Did God bless David and Jonathan, a same sex couple in romantic committed sexual partnership? Scripture devotes more chapters to their incredible love story than any other human love story in the Bible. What does God intend us to learn from that dramatic emphasis?
The traditional interpretation of the Jonathan and David story has them forming a political covenant and a close, non-sexual friendship. Our fascinating 378 page eBook, Gay Christian 101 - Spiritual Self-Defense For Gay Christians, takes a fresh look at the textual evidence and offers an honest understanding of Jonathan and David, which is faithful to the scriptures. Portions of this page are excerpted from the book Gay Christian 101.
The story of Jonathan and David has long been a favorite of gay people, who easily identify with the challenges these intimate friends faced.
"Donatello was one of the greatest artists who ever lived and was in some ways the central figure of the Renaissance.
Before him, artists were aware of definite limits to what could or ought to be done in art.
Donatello was so consistently and shockingly original that after him, all the limits seemed to have disappeared, so that an artist was constrained only by his powers." - Paul Johnson, The Renaissance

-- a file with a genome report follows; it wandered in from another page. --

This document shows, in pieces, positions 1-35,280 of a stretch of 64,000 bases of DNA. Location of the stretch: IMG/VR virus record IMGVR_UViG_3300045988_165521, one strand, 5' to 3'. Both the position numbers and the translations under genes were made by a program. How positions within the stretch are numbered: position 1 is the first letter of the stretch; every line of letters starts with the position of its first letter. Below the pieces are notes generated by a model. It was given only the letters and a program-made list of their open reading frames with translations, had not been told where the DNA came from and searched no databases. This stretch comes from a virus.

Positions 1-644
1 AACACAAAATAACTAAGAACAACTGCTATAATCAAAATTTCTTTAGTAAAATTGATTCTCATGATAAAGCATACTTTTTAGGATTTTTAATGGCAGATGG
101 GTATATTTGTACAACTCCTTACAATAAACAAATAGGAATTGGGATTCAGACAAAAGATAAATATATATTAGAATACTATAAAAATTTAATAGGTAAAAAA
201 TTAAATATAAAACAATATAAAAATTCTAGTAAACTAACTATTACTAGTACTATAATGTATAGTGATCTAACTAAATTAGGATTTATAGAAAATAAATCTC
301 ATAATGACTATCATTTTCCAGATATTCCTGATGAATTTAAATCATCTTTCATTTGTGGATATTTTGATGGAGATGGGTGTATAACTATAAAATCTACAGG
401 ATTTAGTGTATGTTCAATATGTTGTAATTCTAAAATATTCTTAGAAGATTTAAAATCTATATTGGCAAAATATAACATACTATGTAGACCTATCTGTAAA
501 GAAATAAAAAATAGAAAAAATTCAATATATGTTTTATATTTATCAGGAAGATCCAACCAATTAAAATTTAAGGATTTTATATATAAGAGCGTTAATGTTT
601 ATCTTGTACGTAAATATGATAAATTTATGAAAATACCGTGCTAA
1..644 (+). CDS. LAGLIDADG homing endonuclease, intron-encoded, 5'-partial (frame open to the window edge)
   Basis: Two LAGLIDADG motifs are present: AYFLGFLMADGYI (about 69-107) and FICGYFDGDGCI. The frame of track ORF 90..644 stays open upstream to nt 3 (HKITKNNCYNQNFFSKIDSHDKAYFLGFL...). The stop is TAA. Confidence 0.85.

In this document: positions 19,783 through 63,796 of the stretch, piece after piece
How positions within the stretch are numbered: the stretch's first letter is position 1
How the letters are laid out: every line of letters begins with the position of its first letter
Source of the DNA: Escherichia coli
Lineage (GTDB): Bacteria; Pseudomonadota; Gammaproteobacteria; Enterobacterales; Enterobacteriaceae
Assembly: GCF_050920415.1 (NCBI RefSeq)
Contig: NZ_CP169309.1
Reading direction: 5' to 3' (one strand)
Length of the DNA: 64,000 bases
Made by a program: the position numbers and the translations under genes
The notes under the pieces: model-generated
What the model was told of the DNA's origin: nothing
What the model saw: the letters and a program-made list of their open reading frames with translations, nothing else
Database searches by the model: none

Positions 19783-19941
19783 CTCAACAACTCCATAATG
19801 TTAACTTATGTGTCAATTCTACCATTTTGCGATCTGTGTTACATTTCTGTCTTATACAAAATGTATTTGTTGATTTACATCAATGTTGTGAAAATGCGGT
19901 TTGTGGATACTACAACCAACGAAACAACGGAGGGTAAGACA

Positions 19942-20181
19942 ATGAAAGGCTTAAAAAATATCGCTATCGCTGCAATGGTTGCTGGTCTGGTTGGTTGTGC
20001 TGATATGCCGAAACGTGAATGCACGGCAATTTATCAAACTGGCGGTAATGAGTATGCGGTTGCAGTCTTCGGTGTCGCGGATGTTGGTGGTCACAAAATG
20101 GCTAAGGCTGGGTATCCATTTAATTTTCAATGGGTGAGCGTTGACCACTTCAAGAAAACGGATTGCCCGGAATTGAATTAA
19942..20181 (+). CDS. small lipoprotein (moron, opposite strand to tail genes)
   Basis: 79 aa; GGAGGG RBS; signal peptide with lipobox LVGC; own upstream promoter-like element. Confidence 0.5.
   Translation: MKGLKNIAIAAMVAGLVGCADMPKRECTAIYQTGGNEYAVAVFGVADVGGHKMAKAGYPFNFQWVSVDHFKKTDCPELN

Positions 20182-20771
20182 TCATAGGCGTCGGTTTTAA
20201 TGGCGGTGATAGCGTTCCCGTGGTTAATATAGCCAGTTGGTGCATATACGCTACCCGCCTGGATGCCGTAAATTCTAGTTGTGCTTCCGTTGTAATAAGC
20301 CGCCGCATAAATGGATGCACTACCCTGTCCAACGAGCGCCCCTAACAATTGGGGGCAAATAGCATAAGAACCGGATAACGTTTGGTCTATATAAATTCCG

Were they lovers?
Many gays believe that Jonathan and David were romantically in love with each other and were accepted by almost everyone in Israel as a married couple, based on the way God presents their story in scripture, 1 Samuel 17-31, and based on the Hebrew words used to describe their relationship.
Some gays and many non-gays disagree, insisting that florid language and men kissing men is typical Middle Eastern behavior and in no way indicates a homosexual relationship. Non-gays allege that the Bible strictly forbids all homosexual activity therefore Jonathan and David could not be gay. Their reasoning is that if J & D were gay lovers, God would not laud their partnership in the Bible in such a positive way.
Scripture speaks in glowing terms of Jonathan and David’s loving intimacy, making a covenant of the LORD, exchanging clothing, embracing, weeping together, hugging and kissing each other.
Gays point out that the same Hebrew words used to describe Jonathan and David’s relationship also describe intimate opposite sex relationships.
Jonathan loved David and so they consistently make time alone together and when alone, affirm their love for each other. Each time they reaffirm their covenant, love for each other is the justification given in scripture. Jonathan goes against his father, his family, his opportunity to be Israel’s King, in favor of supporting David.
Yet, because it is believed that scripture does not directly state that Jonathan and David enjoyed a romantic sexual relationship, the argument from the presumed silence of scripture is used to "prove" a sexual relationship between them did not exist.
Our task is to examine scripture to see if the Bible is as silent about David and Jonathan’s romantic sexual relationship as some allege. There are many textual clues in the David and Jonathan story which allow us to draw a principled conclusion about their relationship based on the weight of the evidence.